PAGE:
By Julie Jacques
My Grandma overdoes it. She makes ten pounds of mashed potatoes for eight people, sending everyone off with heavy Tupperware and careful instructions for defrosting/reheating. But the effort she puts into meals is the most eloquent expression of feelings she knows.
Claire Bouchard, like most matriarchs, is blessed with the uncanny ability to hold a home together with food, and for that, I have always been grateful. Whenever I cook or bake, I try to channel that energy: love of food, love of family…
I certainly wasn’t given the privilege of helping out in the kitchen in my early years. As a child, I was banished with the swat of a wooden spoon– understandably of course, due to the pots of boiling water and counters covered in precariously balanced knives (perhaps I’m more accurately describing my own kitchen situation rather than my grandmother’s).
Years later, and I’m still not allowed into Christmas dinner kitchens. There’s too much going on, and so little space! The delicate pastry for our Tourtière du Lac St Jean and the 100s of potato donuts (sent home with everyone at the end of the night) are dealt with by my grandmother and godmother.
However, I’ve been privy to a few of my grandma’s secrets over the years. The perfect buttercream includes a splash of cream for the fluffy texture, and you have to whip your log cake batter for at least 7 minutes for it to gain enough volume. The perfect custard can’t be rushed, and éclairs au chocolat taste a million times better in bite size than in regular size, for whatever reason.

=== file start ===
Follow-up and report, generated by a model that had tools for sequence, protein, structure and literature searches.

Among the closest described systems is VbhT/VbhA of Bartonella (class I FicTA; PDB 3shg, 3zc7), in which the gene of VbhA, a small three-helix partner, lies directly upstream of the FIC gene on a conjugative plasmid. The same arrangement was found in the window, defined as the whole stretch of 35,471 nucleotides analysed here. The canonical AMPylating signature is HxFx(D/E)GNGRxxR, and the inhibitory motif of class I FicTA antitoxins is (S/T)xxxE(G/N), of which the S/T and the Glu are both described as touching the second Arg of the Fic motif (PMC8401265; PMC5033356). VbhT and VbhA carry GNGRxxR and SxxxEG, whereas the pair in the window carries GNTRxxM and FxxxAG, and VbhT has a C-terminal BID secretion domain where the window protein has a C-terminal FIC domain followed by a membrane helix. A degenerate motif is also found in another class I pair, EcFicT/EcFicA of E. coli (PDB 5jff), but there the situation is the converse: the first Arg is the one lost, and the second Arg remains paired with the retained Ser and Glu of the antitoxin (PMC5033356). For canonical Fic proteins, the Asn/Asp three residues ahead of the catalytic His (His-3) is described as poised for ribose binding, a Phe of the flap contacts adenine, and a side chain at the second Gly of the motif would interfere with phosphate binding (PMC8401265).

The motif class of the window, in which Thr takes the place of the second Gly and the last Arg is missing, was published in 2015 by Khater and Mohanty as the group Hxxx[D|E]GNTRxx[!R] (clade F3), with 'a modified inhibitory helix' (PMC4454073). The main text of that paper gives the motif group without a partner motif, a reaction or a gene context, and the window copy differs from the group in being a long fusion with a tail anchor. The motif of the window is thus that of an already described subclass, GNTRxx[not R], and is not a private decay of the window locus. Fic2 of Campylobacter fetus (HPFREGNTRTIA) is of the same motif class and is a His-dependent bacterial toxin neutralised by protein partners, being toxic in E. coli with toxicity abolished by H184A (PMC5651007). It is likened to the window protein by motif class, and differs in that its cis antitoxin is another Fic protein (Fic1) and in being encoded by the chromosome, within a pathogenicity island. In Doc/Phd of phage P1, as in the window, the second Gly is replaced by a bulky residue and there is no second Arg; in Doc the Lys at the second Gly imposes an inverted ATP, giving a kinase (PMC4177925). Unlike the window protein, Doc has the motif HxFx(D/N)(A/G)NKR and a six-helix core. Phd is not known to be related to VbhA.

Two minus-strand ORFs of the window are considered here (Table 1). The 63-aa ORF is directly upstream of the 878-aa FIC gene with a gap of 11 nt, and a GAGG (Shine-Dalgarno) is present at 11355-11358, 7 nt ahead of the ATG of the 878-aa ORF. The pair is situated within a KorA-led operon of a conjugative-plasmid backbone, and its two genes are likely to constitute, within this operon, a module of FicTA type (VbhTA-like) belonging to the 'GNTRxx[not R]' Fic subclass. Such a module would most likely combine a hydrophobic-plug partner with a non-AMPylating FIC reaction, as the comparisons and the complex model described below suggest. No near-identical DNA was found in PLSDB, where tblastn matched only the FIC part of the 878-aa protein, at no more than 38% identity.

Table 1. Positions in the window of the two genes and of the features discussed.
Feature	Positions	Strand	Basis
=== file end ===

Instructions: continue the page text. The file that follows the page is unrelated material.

If you can’t tell, I’ve always preferred desserts. That’s why when Curiosities Editor Adela approached me to help her out with a recipe for this month’s section, I jumped at the chance! We brainstormed for a bit, looking for a straightforward, fun recipe to make, and I immediately thought of sugar cookies– simple but festive.
Of course, you might think, sugar cookies, huh? Somewhat overdone… Well, they can be slightly boring, but they’re only boring if you make them boring! So, Adela and I decided to come out of our comfort zones and try something we’d never done before: slice and bake cookies.
The concept of slice and bake cookies is quite simple, actually. You know when you buy those delicious Pillsbury cookies around Easter or Halloween, and they have a design in the center, something like a bunny or jack-o-lantern? Those are, effectively, slice and bake cookies, except they’re pre sliced for the consumer. To make them at home, you make sugar cookies, divide your batch, dye one part and use the leftover dough to cover it.
Adela and I had never actually tried this before, and looking back, we may have done some things differently. For example, the green food colouring we got was a lighter, almost neon green. We figured it would be fine to make trees with, but when they came out of the oven, we realized the green was way too light and the lines between regular cookie and dyed cookie were very blurred.
Also, we seemed to have trouble with the general size of our cookies. Our cutters were pretty big, so wrapping cookie dough around an already general cookie sized tree or snowflake proved to be harder than we thought.
Nevertheless, we prevailed! The cookies were delicious – soft, crumbly, with a nice wintry peppermint taste to them, kudos to some rare and precious peppermint extract.
Another thing I enjoy about baking: nothing is ever quite perfect. I’ve always found that motivating, but also, comforting. I know that if I accidentally scramble eggs in my custard or overproof my doughnuts, I can always try again next week. And, most of the time, as my grandmother often reminds me, mistakes still yield tasty treats.
Image: "Christmas cooking"by E01 (is licensed under CC BY-NC-ND 2.0)